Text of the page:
Wang Qin, a left-behind child, and her classmates dig wild herbs on Saturday in Guiyang, Guizhou Province.
"I feel guilty for not playing my role as a father to my daughter, and a son to my parents," said Gao Xiangzeng, who left his four-year-old daughter with his parents in Zhengning county, Gansu Province, and works with his wife in Shanghai. Gao`s daughter lost her life when her overloaded school bus crashed head-on with a truck on November 16.
According to Gao, he and his wife had intended to send their daughter to kindergarten in Shanghai, but they couldn`t afford the tuition fees at private schools. Public schools do not allow children with no local household residence (hukou) to enroll, so they had to send their daughter back to their hometown.
After returning home, Gao`s daughter enrolled at the Little Doctor Kindergarten.
"We had to send our daughter to Little Doctor Kindergarten as it is the only one in the county. As the rural area is poor, we could not ensure the school bus would not be overcrowded," Gao told news portal qq.com in tears.
Lacking parental care
More than 23 million "left-behind" children are under the age of five and may suffer from psychological disorders due to lack of parental care.
This data was released by Deng Li, head of the Department for Children at the Women`s Federation, at the 2011 international symposium on early childhood development.
"The number of left-behind children under the age of five, who consist of 40.19 percent of the total, exceeds 1 million in seven provinces including Sichuan, Anhui, Henan, Hunan, Jiangxi, Guizhou and Guangdong," Deng said.
A staff member at the Department for Children at the Women`s Federation Sichuan office confirmed Deng`s statistics to the Global Times, adding that there were more than 3 million left-behind children in Sichuan Province at the end of 2010.
"There are 2.5 million left-behind children in Anhui Province at present but we have no statistics on the number of those under the age of five," Xu Fengqin, an employee with the Department for Children at the Women`s Federation Anhui office, told the Global Times.
According to Deng, the safety of children under five is not ensured if they are left behind in rural areas by parents who work in cities, and they may grow up in a poor environment with little monitoring.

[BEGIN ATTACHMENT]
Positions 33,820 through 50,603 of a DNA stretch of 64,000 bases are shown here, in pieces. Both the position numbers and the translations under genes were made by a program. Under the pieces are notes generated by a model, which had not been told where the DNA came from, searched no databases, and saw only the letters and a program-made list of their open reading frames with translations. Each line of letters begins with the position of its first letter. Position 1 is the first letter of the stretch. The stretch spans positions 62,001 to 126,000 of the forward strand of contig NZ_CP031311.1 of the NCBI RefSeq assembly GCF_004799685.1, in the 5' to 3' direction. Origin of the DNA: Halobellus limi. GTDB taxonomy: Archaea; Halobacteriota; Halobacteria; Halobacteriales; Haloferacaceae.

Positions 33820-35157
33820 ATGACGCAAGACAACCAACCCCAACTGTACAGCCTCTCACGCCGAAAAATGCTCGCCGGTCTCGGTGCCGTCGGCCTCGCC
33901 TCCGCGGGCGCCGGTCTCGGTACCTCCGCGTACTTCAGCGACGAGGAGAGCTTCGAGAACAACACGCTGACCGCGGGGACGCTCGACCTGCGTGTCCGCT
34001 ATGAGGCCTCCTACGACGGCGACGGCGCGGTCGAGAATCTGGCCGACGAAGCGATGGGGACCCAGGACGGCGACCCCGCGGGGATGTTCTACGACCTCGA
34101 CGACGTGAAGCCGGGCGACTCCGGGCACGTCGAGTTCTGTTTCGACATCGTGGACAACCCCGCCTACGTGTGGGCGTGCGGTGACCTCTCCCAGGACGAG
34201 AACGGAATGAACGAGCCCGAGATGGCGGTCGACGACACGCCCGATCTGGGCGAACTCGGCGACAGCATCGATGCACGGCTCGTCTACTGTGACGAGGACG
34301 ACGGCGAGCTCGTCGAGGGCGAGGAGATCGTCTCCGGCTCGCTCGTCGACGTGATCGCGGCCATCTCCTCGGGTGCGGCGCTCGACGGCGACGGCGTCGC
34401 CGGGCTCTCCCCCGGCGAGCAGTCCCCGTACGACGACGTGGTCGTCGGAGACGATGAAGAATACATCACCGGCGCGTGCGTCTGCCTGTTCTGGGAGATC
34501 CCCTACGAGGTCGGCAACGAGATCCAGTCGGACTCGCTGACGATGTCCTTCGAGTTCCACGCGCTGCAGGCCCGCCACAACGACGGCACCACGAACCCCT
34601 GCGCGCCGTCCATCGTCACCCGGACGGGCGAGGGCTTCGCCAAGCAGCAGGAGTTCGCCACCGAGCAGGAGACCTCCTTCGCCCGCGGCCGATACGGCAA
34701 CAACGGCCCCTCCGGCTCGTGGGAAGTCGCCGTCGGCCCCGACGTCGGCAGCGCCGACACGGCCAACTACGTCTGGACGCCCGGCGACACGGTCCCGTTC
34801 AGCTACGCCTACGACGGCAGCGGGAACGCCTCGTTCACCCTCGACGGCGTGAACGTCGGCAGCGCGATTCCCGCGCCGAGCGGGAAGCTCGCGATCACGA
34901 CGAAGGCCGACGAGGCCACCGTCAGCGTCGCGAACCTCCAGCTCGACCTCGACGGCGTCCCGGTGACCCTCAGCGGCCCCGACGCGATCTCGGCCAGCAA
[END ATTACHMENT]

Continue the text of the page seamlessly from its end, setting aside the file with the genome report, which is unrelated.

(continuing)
But the most important problem that left-behind children face is the lack of parental care, which might cause children to experience a series of mental issues.
"Some parents may have difficulties affording the cost of living for children in the big cities and are forced to leave them in their hometown, but most are unaware of the importance of early education," Deng told the Beijing News.
Deng added that the parents of left-behind children under the age of five are usually young and will leave their children with the grandparents and seldom return home.
Zhang Xuying, a researcher with the China Population and Development Research Center at the National Population and Family Planning Commission, told the Global Times that since 1990 an increasing number of rural citizens are migrating to cities for work, which has led to a large population of left-behind children.
"The primary reason parents leave their children behind is they do not have enough money," said Zhang. "They don`t have a house in the city to raise their children, and don`t have any spare time because they need to work overtime and earn money."
According to Zhang, city governments offer few public services to migrants and their children. For example, hospital expenses for migrant workers are high because they are not provided with health insurance.
"Only when more public services are provided for migrant workers will they be able to support their children in the cities," Zhang told the Global Times.
"The rural governments can establish boarding schools to facilitate communication between left-behind children and their parents, as well as offer medical guidance to ensure they are sound in mind and body," said Zhang Xuying.
According to Xu, the Anhui authorities offered some services to left-behind children in their hometowns. For instance, more telephones have been installed so that children can call parents free of charge. The government also provides books and sports equipment for children to ensure they stay physically and psychologically healthy.
"We also dispatch university student volunteers to counsel left-behind children," said Xu.